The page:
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I'm reading Andrew NG's Machine Learning notes, but the functional margin definition confused me :

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I can understand to geometric margin is the distance from x to its hyperplane, but how to understand functional margin ? And why they define its formula like that ?

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The formula is like this since you may use a "kernel" function to map the values to another higher dimensional space. Examples for this function are polynomial or an RBF. Probably, functional margin is the geometric margin on the mapped space by a specific function !! –  soufanom Feb 3 '13 at 3:53
    
This question is older, but the one I've linked as a duplicate seems to have a better accepted answer (stackoverflow.com/questions/20058036/…). –  BartoszKP Nov 19 '13 at 8:46

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Think of it like this: w^T.x_i +b is the model's prediction for the i-th data point. Y_i is its label. If the prediction and ground truth have the same sign, then gamma_i will be positive. The further "inside" the class boundary this instance is, the bigger gamma_i will be : this is better because, summed over all i, you will have greater separation between your classes. If the prediction and the label don't agree in sign, then this quantity will be negative (incorrect decision by the predictor), which will reduce your margin, and it will be reduced more the more incorrect you are (analogous to slack variables).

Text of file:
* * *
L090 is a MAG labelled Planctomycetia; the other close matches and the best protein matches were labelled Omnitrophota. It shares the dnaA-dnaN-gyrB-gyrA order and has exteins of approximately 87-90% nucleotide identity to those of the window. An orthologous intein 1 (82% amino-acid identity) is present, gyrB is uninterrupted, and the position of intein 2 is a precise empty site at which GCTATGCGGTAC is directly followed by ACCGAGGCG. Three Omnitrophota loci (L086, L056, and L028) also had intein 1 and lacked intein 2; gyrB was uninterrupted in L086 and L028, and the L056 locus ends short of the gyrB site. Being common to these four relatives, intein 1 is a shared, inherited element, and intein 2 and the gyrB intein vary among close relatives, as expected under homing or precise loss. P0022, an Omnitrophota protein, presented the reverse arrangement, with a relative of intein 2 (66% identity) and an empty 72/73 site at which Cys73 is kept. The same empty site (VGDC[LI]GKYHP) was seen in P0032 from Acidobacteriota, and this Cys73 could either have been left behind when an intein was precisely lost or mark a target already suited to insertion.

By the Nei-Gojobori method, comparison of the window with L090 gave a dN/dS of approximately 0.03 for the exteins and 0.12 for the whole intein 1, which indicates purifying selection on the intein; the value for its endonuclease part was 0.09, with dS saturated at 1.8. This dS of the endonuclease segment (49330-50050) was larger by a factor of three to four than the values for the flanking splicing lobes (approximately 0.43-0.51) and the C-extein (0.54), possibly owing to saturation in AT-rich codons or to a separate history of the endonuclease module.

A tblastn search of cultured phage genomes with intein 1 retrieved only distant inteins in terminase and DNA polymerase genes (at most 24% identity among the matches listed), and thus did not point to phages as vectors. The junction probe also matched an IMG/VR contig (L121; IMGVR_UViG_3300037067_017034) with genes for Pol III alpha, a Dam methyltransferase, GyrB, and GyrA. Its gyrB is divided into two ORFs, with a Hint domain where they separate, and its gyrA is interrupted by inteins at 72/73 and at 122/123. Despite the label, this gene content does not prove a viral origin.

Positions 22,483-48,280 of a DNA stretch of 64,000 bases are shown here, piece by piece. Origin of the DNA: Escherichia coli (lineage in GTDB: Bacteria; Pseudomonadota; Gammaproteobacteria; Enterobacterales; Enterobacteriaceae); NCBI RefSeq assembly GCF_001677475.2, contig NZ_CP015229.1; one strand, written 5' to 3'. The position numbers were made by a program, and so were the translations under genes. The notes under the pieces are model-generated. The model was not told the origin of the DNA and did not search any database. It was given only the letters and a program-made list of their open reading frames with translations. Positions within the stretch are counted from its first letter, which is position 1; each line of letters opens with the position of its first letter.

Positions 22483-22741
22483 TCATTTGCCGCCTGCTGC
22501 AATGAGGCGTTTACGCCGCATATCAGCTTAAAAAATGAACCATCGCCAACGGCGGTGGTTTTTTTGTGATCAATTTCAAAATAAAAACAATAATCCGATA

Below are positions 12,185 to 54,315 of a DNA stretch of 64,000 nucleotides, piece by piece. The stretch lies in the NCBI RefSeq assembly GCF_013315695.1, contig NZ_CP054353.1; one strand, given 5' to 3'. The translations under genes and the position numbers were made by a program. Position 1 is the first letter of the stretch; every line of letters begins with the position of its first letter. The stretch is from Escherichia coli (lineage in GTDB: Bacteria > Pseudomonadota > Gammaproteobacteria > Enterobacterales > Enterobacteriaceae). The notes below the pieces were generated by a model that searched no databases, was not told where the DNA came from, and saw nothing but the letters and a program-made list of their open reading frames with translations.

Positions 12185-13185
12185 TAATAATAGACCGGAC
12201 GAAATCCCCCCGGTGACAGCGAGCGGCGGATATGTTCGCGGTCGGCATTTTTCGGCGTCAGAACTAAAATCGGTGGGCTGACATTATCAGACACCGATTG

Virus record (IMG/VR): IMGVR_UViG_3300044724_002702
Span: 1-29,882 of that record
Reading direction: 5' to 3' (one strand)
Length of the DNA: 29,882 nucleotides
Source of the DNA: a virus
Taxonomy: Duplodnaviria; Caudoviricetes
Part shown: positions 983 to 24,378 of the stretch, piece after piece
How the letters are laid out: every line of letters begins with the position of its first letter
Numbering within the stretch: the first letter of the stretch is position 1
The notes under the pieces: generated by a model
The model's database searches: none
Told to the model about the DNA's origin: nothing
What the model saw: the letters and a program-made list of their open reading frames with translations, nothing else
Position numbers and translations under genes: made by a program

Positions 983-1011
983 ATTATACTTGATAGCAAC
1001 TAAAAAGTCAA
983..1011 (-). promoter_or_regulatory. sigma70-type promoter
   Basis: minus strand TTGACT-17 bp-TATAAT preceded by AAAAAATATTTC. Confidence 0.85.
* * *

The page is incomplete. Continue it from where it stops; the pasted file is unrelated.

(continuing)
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Functional Margin:

This gives the position of the point with respect to the plane, which does not depend on the magnitude.

Geometric Margin:

This gives the distance between the given training example and the given plane.

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functional margin is used to scale.

geometric margin = functional margin / norm(w).

Or, when norm(w) = 1 then the margin is geometric margin

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